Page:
The lens should zoom with optimized ring rotation, so you don’t have to rotate the zoom ring by 360 degrees.
Autofocus and manual override (A/M or M/A) is a great feature. It means you can autofocus the lens. Further, to fine-tune the focus, you can manually focus it.
Vibration reduction/image stabilization helps to compensate for any camera movement. This feature helps to capture a sharp image at low shutter speed.
The weight of the lens is a significant factor in choosing the lens too. Less weight is always preferred because you can carry the lens while hiking or traveling. Similarly, smaller size lenses are right for traveling and packing.
Most of the wildlife and bird photography lenses are a bit heavy and bigger. Of course, there are exceptions. Some of the lenses are equally great in terms of image quality at a much lower weight and size. But the price of those lenses is higher. We will evaluate those lenses as well in the next sections.
As you will be using the lens for many years, compatibility with a teleconverter is essential.
The lens should be compatible (in terms of Autofocus performance such as accuracy and speed) with the teleconverter.
Teleconverters help to expand the range of the lens. For example, a 70-200mm f/2.8 lens with a 2X converter will be 140-400mm f/5.6. It doubles the focal range of the lens and reduces the maximum aperture of the lens from f/2.8 to f/5.6.
For any lens brand, generally, there are 1.4X, 1.7X, and 2X teleconverters. If the lens is compatible with all 3 teleconverters, it’s excellent! But at least it should be compatible with either one of the teleconverters.
If your lens is compatible with teleconverters, you will be able to extend the focal length of the lens.
The right lens for wildlife photography should be able to take beatings from outdoor weather.
The lens should withstand against rain drizzle, temperature extremes (both hot and cold temperatures), and dust.
Weather sealing should be good enough to stop raindrops and dust from entering into the lens.
The weather sealing of the lens depends on lens construction, protruding lens elements, type of seals at zoom/focus ring, and at the camera mount.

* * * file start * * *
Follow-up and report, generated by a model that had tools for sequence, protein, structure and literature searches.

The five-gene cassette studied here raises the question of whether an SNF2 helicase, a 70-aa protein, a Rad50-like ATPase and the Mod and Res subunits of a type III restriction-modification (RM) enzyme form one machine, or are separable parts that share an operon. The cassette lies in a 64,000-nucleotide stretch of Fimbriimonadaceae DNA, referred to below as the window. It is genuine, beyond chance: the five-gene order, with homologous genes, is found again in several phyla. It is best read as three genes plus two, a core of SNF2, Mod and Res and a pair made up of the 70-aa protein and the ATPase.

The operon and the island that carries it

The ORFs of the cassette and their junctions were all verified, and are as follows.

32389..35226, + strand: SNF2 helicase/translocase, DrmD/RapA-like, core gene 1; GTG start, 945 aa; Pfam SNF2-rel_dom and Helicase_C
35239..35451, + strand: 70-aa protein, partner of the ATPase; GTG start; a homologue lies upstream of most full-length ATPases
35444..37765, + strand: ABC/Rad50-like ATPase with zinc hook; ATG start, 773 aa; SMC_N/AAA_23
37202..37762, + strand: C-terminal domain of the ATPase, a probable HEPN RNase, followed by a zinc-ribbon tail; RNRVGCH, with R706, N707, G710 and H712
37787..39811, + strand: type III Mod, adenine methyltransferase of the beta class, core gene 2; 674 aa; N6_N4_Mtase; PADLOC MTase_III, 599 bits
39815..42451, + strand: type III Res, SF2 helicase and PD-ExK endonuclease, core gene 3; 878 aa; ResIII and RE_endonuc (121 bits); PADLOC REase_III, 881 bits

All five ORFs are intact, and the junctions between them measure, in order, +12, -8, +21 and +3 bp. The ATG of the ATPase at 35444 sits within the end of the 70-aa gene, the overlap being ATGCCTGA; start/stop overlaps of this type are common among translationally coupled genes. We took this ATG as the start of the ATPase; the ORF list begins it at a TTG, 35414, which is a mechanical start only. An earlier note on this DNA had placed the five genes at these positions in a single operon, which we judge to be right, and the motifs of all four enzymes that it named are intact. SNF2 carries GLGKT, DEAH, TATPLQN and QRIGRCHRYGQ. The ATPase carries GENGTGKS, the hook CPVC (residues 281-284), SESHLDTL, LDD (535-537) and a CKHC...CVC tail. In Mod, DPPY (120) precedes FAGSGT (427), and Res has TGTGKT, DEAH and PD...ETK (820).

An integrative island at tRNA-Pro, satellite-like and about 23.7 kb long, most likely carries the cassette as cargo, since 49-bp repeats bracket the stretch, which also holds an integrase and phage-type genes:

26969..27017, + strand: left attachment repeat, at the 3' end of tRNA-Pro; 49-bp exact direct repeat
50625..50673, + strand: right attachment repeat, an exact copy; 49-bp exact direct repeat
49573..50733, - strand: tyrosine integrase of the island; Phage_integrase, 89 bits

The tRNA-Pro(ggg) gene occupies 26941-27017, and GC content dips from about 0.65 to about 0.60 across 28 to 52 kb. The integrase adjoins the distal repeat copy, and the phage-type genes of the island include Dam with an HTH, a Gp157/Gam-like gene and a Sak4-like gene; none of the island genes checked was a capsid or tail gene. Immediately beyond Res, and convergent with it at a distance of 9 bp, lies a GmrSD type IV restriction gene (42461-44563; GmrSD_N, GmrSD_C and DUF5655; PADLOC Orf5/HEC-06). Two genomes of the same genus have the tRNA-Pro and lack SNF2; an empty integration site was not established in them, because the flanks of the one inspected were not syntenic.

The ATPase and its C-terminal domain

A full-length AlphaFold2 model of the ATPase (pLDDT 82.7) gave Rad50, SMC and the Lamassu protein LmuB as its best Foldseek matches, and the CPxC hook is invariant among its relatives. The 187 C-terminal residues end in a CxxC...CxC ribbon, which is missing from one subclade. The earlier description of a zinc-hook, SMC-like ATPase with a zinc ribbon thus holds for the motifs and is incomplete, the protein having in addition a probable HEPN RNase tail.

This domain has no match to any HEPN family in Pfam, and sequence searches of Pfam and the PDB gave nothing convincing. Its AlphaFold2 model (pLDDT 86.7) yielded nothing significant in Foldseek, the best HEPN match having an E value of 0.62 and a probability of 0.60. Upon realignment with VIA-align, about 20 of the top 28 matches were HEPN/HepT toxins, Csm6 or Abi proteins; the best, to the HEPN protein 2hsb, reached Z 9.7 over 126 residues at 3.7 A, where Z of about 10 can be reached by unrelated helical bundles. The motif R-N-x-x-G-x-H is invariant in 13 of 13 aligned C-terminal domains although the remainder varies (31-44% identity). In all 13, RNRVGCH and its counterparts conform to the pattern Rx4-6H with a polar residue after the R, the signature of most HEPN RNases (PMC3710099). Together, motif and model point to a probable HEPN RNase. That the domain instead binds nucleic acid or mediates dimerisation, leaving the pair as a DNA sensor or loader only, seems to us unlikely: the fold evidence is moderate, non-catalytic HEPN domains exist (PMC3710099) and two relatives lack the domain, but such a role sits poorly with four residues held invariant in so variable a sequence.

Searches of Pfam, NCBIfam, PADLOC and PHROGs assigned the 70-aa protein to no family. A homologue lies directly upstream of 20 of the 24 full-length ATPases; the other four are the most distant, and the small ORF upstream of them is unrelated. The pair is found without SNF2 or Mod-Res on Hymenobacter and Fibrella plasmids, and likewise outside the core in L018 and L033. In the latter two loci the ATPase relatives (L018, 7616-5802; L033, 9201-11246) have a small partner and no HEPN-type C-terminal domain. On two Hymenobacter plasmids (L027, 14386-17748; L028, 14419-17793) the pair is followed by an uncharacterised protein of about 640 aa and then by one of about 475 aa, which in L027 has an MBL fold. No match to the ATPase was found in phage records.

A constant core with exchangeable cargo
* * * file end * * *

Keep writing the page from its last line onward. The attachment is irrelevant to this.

With that said, while photographing outdoors, take care. It is always better to clean the lens after each photography trip. Cleaning of lens contacts, lens mounts, front elements, zoom/focusing rings, and protruding parts is good enough.
Low light focusing performance is dependent on the lens and camera as well. Both camera and lens play an essential role in low light focusing.
Most of the wildlife action happens during early dawn and late dusk. During this edge of day, light conditions are poor.
Good lenses should be fast and accurate enough to focus in low light.
A lens’s low light performance depends on the maximum aperture and moving glass elements. Larger apertures of f/2.8 or f/4 and less moving glass elements mean the lens focuses fast. (Assuming your camera is having excellent low light autofocus performance.)
Now you are aware of what technical factors to look for, let’s learn what types of lenses are available for Wildlife photography.
A prime lens has a fixed focal length.
Prime lenses are best for birds and wildlife at a distance.
Because of fewer moving glass elements and maximum aperture, autofocus performance is excellent.
Image quality, sharpness, low light capability, and focus response is excellent for a prime lens. Prime lenses are compatible with teleconverters too.
One caveat is, if the wildlife approaches closer to you, you cannot zoom out and take the picture. Instead, you are stuck with a fixed focal length. In this case, you may want to take a portrait/close up image.
Compositional flexibility is limited when using prime lenses.
Prime lenses are higher in price and can be a bit heavier as compared to zoom lenses.
However, buying the best prime lens is the most significant investment you can make in your photography. These lenses last more than a decade and keep making beautiful images.
Out of your budget, try to spend the maximum amount of money on buying the best prime lens.
A telephoto zoom lens is a variable focal length lens. You can change the focal length of the lens by rotating the zoom ring on the lens.
Telephoto zoom lenses are best for birds and wildlife at long and short distances.